“Bang, Zoom!” Straight to Broadway? Although it ended fifty-eight years ago, reruns of the classic episodes of the The Honeymooners have never been off the air. Now a musical based on the Kramdens and Nortons is in the works and could be on its way to the Great (Black &) White Way.
Four-time Emmy winner for The Simpsons Hank Azaria is to play Ed Norton and Smash’s sexy Megan Hilty is to be his wife Trixie in a workshop in November organized by Goodspeed Musicals and Jeffery Finn Productions. In the main roles, the heavy lifting is being done by Broadway veterans Tony-winner Michael McGrath as Ralph Kramden and Drama Desk nominee for A Catered Affair Leslie Kritzer as the long-suffering, sharp-tongued Alice.
All we know for sure at this point is that the plot has Brooklyn bus driver Ralph and sewer worker Ed winning a jingle contest and trying to make it as Madison Avenue advertising bigwigs (Sterling, Cooper& Kramden?) which has them at each other’s throats, naturally. If the workshop is “the greatest”, the show will likely be mounted by Goodspeed at its theatre on the Connecticut River next fall. Over the years, Goodspeed has brought 21 of its shows to New York, including Annie.
For good or ill, it’s a TV writing team behind the project: Tony Award-winner John Rando will direct a book by TV writer/producers Dusty Kay (Entourage, Roseanne) & Bill Nuss (NCIS, 21 Jump Street), with music by Stephen Weiner and lyrics by Peter Mills and choreography by Emmy Award-winner Joshua Bergasse. They’re all hoping that the newly married Ralph and Alice and their upstairs neighbors are still fresh in the memories of generations of viewers, but a West Coast version of the show was already postponed.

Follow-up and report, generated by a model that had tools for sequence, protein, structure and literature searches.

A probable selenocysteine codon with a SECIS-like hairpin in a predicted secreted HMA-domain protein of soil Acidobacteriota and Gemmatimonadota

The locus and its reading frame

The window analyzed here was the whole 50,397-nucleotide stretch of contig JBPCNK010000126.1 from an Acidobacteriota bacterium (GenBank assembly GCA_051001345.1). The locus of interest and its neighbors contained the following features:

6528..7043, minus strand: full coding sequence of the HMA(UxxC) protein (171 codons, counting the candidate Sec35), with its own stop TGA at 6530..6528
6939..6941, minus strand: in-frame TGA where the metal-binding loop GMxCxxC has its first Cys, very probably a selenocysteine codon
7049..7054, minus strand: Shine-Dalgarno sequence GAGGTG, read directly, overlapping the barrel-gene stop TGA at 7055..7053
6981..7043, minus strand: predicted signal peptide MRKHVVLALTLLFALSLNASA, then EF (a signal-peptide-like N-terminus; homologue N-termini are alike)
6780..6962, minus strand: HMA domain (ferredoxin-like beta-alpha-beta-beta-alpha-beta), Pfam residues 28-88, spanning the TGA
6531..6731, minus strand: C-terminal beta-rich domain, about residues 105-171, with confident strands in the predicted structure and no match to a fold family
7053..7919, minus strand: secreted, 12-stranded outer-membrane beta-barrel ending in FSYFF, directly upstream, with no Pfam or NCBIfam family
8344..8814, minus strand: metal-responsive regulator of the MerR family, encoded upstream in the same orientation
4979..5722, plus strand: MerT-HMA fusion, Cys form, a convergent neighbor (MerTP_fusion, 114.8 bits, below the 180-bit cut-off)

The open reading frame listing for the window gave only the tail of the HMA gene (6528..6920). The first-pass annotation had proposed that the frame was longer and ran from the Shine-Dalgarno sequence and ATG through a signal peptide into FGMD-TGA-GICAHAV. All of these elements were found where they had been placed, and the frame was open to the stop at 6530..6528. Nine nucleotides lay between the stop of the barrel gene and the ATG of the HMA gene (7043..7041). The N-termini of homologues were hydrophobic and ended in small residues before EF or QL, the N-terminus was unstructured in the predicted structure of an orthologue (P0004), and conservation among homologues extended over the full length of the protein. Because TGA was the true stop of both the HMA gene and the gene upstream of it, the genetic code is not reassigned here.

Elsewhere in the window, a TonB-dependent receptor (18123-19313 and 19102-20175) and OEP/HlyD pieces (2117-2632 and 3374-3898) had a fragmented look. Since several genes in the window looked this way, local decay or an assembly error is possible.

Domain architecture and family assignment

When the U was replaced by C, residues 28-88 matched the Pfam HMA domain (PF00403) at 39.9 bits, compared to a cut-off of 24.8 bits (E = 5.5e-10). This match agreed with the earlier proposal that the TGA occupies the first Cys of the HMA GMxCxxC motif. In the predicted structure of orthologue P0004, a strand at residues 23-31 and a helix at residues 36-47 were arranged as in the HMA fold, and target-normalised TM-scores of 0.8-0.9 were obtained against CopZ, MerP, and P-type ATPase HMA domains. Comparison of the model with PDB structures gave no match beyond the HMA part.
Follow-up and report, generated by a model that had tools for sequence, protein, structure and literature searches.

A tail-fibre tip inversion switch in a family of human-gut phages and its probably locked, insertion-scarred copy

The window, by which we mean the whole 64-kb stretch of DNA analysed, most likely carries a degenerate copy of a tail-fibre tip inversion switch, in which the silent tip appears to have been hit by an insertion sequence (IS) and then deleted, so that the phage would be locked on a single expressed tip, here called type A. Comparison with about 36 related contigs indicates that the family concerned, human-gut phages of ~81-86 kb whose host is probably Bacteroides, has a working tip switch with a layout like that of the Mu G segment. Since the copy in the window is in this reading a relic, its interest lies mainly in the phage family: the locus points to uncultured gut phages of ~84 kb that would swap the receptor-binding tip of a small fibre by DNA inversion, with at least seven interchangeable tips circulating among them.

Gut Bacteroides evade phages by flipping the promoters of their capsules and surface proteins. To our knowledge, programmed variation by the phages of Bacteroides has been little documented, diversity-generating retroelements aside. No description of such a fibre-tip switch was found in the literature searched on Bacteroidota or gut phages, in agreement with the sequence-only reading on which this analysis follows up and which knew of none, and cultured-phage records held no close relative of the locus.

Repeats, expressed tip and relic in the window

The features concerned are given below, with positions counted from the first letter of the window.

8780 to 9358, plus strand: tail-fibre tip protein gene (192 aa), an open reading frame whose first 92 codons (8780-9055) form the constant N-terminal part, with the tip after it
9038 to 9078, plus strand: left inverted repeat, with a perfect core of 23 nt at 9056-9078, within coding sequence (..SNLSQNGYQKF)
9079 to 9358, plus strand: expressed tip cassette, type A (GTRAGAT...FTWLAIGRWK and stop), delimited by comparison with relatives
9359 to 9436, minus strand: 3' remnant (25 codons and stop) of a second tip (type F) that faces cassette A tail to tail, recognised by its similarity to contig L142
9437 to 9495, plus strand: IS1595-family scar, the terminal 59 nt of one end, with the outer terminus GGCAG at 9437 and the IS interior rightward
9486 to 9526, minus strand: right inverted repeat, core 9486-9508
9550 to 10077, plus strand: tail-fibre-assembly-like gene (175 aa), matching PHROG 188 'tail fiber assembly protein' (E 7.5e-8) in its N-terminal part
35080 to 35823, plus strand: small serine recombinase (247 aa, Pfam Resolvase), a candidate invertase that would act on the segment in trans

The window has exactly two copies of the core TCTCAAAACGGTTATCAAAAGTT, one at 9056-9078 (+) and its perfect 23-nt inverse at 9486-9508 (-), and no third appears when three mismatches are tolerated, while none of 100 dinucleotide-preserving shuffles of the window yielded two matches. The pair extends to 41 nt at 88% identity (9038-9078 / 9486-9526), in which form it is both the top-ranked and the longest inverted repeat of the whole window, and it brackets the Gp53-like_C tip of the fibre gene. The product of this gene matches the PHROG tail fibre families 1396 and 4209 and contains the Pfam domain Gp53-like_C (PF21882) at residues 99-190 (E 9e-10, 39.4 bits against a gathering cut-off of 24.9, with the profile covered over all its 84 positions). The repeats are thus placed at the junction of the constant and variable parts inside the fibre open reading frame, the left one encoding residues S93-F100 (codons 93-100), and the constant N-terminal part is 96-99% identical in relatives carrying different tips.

All morning we’ve been speculating about possible big musical numbers in the show, like: “Hamana-hamana-hamana Katata,” “There’s No Business Like Driving a Bus,” “Oh, What a Beautiful Brooklyn!” and “People, People Who Need Sewers.”
No word on how — or if — the team will update the politically incorrect material, which has the belligerent Ralph consistently (if always fictionally) threatening his beloved wife with a punch: “pow! right in the kisser.”